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EU shifts bailout burden to banks

EU finance ministers have struck a draft deal on who foots the bill when a bank fails within the 27-nation bloc. Ministers said bank shareholders and big creditors would bear the main burden, and not taxpayers.

A draft EU deal on how to manage troubled banks was reached in Brussels early Thursday - ahead of an EU summit. The burden would shift to shareholders, creditors and large depositors - and affect taxpayers only in exceptional circumstances..

"The agreement tonight marks a major milestone in our effort to break the vicious link between the banks and the sovereigns," said Finance Minister Michael Noonan of Ireland, which holds the EU's rotating presidency.  Lithuania takes over the presidency next week.

The apparent deal would pave the way for EU member states to start negotiations with the European Parliament and would be a step toward establishing a so-called banking union within the recession-hit bloc.

During the 2008-2009 financial crisis, countries like Britain, Ireland and Germany pumped fresh capital into ailing banks to avoid a financial system collapse.

The agreement came ahead of a summit of EU leaders on Thursday and Friday that will aim to tackle another key consequence of the crisis - youth unemployment.

'One set of rules'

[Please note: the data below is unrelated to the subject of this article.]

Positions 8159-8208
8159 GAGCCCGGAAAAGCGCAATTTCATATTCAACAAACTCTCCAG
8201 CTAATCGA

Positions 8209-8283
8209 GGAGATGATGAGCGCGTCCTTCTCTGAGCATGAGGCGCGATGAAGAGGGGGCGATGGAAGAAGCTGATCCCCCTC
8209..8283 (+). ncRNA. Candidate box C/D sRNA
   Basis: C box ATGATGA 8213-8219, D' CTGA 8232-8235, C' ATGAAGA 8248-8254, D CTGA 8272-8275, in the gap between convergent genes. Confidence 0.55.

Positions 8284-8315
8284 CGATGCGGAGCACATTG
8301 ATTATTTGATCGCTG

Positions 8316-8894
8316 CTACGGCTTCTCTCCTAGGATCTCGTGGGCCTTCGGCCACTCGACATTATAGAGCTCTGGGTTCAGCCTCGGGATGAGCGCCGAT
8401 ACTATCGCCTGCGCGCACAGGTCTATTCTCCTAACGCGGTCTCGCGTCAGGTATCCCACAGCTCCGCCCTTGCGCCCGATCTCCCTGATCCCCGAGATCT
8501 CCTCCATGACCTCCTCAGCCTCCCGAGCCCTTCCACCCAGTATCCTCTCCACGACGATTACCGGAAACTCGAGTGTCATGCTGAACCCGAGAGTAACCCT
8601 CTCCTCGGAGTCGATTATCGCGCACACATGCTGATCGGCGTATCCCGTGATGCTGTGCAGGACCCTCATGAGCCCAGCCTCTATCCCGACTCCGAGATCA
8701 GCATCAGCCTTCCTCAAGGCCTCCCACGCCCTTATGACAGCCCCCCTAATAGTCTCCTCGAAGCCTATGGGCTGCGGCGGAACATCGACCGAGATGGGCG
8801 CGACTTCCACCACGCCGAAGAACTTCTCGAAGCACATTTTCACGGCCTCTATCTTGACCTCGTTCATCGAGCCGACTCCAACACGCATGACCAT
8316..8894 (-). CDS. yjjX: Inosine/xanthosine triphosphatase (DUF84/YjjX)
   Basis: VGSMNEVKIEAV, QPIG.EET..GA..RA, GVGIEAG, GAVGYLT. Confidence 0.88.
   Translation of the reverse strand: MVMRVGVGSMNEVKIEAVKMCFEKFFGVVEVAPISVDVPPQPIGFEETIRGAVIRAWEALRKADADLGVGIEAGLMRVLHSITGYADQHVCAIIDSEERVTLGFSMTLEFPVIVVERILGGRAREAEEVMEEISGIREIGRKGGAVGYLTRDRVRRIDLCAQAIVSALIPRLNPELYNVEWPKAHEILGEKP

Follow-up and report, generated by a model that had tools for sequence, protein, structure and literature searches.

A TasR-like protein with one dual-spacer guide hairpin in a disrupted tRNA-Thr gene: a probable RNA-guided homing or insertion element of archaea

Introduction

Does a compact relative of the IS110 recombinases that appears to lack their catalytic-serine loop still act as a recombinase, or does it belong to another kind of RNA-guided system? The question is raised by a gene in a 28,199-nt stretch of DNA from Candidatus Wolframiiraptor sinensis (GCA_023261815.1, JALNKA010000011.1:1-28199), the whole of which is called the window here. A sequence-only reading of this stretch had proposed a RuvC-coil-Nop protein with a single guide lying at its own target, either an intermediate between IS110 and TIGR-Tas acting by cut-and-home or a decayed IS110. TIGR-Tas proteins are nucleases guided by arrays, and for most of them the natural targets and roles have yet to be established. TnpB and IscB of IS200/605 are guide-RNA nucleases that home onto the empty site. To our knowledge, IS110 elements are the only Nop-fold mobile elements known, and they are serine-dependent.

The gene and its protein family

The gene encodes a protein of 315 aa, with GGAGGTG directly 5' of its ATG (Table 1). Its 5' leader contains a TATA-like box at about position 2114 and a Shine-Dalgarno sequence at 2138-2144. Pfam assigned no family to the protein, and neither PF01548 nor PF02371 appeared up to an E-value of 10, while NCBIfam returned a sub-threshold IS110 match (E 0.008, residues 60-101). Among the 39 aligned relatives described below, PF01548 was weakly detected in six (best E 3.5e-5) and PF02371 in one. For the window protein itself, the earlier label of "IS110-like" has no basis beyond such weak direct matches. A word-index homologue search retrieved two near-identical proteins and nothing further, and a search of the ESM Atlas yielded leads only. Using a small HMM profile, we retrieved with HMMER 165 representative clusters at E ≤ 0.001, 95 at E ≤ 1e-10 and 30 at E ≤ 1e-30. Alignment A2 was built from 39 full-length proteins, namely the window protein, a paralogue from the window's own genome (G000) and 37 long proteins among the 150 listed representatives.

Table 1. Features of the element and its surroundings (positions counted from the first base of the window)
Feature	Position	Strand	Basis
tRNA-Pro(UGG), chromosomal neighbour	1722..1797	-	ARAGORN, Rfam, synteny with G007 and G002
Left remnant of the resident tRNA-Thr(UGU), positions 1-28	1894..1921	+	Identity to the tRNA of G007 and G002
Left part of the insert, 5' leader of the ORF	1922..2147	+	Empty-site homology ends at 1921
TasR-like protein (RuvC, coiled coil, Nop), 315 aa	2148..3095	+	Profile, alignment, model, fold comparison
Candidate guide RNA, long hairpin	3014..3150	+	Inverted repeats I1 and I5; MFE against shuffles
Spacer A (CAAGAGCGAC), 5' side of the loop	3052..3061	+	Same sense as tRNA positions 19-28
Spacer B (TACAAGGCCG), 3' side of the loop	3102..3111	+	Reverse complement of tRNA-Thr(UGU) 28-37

Early on Thursday, Dutch Finance Minister Jeroen Dijsselbloem said: "If a bank gets in trouble, we will now throughout Europe have one set of rules on who pays the bill."

"The financial sector itself will now to a very, very large extent become responsible for dealing with its own problems," he said.

"A good agreement, which enables us to build the banking union and boost financial stability in Europe," French Finance Minister Pierre Moscovici wrote in a social network message.

Another diplomat texted: "Solid agreement between member states."

Under the proposed rules, public funds to rescue banks would only be allowed exceptionally after banks had expended 8 percent of their own assets in rescue moves.

Depositors with accounts under 100,000 euros ($132,000) would not be burdened.

"Savers will have to think very carefully in the future about where they put their money," Austrian Finance Minister Maria Fekter noted. "Choosing the institution with the highest interest rates – no matter how credible it is - these times are over."

"We are moving forward step by step," said German Finance Minister Wolfgang Schäuble. "This was long, ... arduous and intense."

17 plus 10

At similar talks last week, ministers had argued on whether the same rules should apply for the 17 countries that share the euro currency and the 10 members like Britain and Sweden that have their own currencies

The ministers had been under pressure to deliver a deal this week, amid fears that a delay would not leave enough time to complete the legislative process before next year's European elections.

A year ago, EU leaders pledged to tackle the region's lingering financial crisis by setting up a banking union to reassure markets and businesses.

As a second pillar, supervision and potential rescues of banks would be handed to a European institution that is to start operating next year.

ipj/slk (AP, AFP; dpa)

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